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Open Access Expression of CD95 and CD95L on Astrocytes in the CA1 Area of the Immature Rat Hippocampus after Hypoxia–Ischemia Injury

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The immature brain is affected profoundly by hypoxia–ischemia (HI) injury, which can lead to permanent neurologic sequelae in survivors. Neuronal degeneration after HI injury usually is achieved through apoptosis. Both CD95 and its natural ligand, CD95L, which are key molecules in the regulation of apoptosis, are constitutively expressed by neurons and astrocytes during embryonic and early postnatal stages. Further, CD95 or CD95L may have a functional relationship in glial cells and lead to apoptosis of these cells. The hippocampus, especially the CA1 area, is particularly susceptible to HI injury. We therefore investigated the temporal and spatial alterations in CD95 and CD95L expression in the CA1 area of 7-d-old rats after unilateral ligation of the carotid artery. Using immunohistochemistry and Western blotting, we showed that expression of CD95 and CD95L in the hippocampus peaked at 12 h and then decreased. In addition, we used terminal deoxynucleotidyl transferase-mediated digoxigenin–dUTP nick end-labeling to demonstrate apoptosis among CD95- and CD95L-reactive cells. Our findings show that increases in the expression of CD95 and CD95L after HI injury may involve astrocytic apoptosis in the 7-d-old rat hippocampus, and these molecules may act as targets or inducers of cell death.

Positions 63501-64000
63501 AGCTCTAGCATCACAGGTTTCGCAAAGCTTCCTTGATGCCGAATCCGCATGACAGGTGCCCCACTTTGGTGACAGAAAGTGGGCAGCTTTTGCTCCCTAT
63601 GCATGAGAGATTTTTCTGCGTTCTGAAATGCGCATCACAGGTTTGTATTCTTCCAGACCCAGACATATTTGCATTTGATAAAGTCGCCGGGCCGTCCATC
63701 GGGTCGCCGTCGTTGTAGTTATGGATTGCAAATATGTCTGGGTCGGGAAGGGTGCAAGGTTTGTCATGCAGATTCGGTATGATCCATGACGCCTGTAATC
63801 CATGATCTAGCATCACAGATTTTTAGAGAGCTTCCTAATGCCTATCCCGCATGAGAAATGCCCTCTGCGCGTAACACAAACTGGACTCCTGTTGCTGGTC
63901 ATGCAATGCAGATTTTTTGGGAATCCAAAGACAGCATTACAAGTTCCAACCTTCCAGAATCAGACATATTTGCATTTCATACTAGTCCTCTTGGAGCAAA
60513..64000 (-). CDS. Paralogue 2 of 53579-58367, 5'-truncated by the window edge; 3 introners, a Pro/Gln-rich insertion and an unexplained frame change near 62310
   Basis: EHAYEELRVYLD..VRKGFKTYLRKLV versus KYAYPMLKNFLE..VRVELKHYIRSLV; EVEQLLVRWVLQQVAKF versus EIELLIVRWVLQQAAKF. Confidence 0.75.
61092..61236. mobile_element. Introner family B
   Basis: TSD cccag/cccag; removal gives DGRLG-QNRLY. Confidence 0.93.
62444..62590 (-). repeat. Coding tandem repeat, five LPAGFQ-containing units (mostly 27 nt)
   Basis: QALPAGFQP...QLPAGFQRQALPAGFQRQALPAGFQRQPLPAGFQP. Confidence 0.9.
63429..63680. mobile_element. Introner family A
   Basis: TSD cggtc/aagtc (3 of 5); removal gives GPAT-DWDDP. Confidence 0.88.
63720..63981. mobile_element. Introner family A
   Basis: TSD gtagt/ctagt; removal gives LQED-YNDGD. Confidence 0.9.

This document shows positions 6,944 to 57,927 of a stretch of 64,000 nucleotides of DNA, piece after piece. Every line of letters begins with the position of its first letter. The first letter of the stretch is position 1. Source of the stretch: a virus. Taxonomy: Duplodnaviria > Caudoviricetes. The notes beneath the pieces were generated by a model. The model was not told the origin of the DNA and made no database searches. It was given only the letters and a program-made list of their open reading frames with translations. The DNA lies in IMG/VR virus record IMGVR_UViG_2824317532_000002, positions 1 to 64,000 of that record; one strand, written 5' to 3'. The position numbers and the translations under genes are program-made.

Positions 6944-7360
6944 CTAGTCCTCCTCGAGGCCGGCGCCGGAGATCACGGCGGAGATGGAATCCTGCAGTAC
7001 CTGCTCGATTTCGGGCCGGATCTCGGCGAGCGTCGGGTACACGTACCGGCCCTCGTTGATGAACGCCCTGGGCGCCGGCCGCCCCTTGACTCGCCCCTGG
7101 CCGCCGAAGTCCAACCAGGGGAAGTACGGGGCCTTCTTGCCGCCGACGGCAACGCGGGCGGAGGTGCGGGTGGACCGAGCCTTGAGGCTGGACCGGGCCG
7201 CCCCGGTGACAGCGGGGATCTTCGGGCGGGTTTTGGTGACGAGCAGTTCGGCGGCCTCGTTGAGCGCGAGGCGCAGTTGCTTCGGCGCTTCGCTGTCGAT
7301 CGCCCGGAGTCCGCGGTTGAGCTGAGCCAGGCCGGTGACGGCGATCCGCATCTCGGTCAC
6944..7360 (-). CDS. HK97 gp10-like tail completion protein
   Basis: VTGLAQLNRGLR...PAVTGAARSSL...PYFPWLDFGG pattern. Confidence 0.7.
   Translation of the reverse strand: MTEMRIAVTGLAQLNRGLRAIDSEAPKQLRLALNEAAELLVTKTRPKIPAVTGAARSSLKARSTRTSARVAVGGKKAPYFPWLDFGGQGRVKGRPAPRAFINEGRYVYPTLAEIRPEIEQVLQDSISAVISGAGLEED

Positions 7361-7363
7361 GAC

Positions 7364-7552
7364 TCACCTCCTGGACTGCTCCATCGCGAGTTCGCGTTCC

Document Type: Miscellaneous

Publication date: 2007-12-01

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  • Comparative Medicine (CM), an international journal of comparative and experimental medicine, is the leading English-language publication in the field and is ranked by the Science Citation Index in the upper third of all scientific journals. The mission of CM is to disseminate high-quality, peer-reviewed information that expands biomedical knowledge and promotes human and animal health through the study of laboratory animal disease, animal models of disease, and basic biologic mechanisms related to disease in people and animals.

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